Adhip Gupta

Myriad Meanderingsā€¦

Creating Sub-repositories From Your Git Repository

So you have a nice big project that you’ve been working on for a while and you are at a state where you think it will be nice to split a part of the project. This can be to either create it as a library to use it with other projects or just maintain it independantly.

There are two steps involved:

  • Splitting out the subpath from the repository and creating a new repository from it.
  • Using this new git repository we’ve created in the main repository so that we can continue working.

Let’s tackle them one at a time.

Splitting a subpath into a new repository

I’m assuming that we’re interested in keeping the git history - else, you can simply just copy out the directory into a new folder and init it as a new repository.

Using git filter-branch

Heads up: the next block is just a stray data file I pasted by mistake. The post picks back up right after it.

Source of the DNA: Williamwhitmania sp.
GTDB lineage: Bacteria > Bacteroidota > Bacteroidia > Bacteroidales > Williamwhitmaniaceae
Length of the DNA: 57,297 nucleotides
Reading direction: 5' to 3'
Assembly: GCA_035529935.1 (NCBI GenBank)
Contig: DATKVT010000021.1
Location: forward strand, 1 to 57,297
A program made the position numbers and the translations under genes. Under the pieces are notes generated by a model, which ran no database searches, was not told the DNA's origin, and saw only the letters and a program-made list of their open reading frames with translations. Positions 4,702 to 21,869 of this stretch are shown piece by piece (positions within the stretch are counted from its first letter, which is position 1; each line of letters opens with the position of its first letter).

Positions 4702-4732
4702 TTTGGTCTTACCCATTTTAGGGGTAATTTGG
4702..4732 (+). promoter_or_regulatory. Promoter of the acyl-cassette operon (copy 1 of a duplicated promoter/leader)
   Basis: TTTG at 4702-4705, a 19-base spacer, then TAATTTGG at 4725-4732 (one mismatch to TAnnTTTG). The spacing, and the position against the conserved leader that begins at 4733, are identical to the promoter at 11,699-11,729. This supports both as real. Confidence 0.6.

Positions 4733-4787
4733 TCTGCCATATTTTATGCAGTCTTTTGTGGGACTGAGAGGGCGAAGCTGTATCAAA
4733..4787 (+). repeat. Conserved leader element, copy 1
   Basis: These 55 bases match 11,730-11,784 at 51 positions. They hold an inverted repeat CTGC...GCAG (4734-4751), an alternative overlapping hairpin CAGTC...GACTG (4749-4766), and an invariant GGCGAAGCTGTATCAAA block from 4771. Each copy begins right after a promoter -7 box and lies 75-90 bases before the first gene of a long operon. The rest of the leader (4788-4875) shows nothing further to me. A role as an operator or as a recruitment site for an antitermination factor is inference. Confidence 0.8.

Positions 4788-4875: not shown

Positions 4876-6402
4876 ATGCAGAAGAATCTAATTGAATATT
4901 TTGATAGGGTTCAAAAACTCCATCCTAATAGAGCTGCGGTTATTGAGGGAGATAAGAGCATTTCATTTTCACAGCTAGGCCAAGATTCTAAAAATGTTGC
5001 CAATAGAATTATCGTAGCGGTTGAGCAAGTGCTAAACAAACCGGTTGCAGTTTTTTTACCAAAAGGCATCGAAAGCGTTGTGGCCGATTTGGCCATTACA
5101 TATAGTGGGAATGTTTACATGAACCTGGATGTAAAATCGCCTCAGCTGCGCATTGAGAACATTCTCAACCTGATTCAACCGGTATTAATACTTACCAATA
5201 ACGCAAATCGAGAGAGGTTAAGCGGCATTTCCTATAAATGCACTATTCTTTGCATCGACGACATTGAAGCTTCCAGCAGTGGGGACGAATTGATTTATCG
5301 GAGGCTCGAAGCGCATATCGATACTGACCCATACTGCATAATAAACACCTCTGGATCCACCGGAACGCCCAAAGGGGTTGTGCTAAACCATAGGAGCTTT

git filter-branch --prune=empty --subdirectory-filter my-api -- --all

The -- --all is to ensure that we filter all the branches in the repository.

Next, you simply add new remotes and push your repository there.

git remote add my-new-remote
git push --all

Side note: You’ll have to clone the original repository again.

Using git subtree

git subtree is a new git command that recently was added into git. Using it to create the new repository is simple enough:

git subtree split --prefix my-api --branch my-api-repo

Now the my-api-repo branch consists of just the contents from my-api and all the relevant commits. This can now be used to push to a new remote:

git push split:master

Merging the subpath back into the original repository

We use git subtree from earlier for this.

git subtree add --prefix my-api --squash master

The --squash here implies that we just want to create a merge commit - else, we’ll end up with duplicate commits in the history.

Up Next: Maintaining both the repositories simultaneously.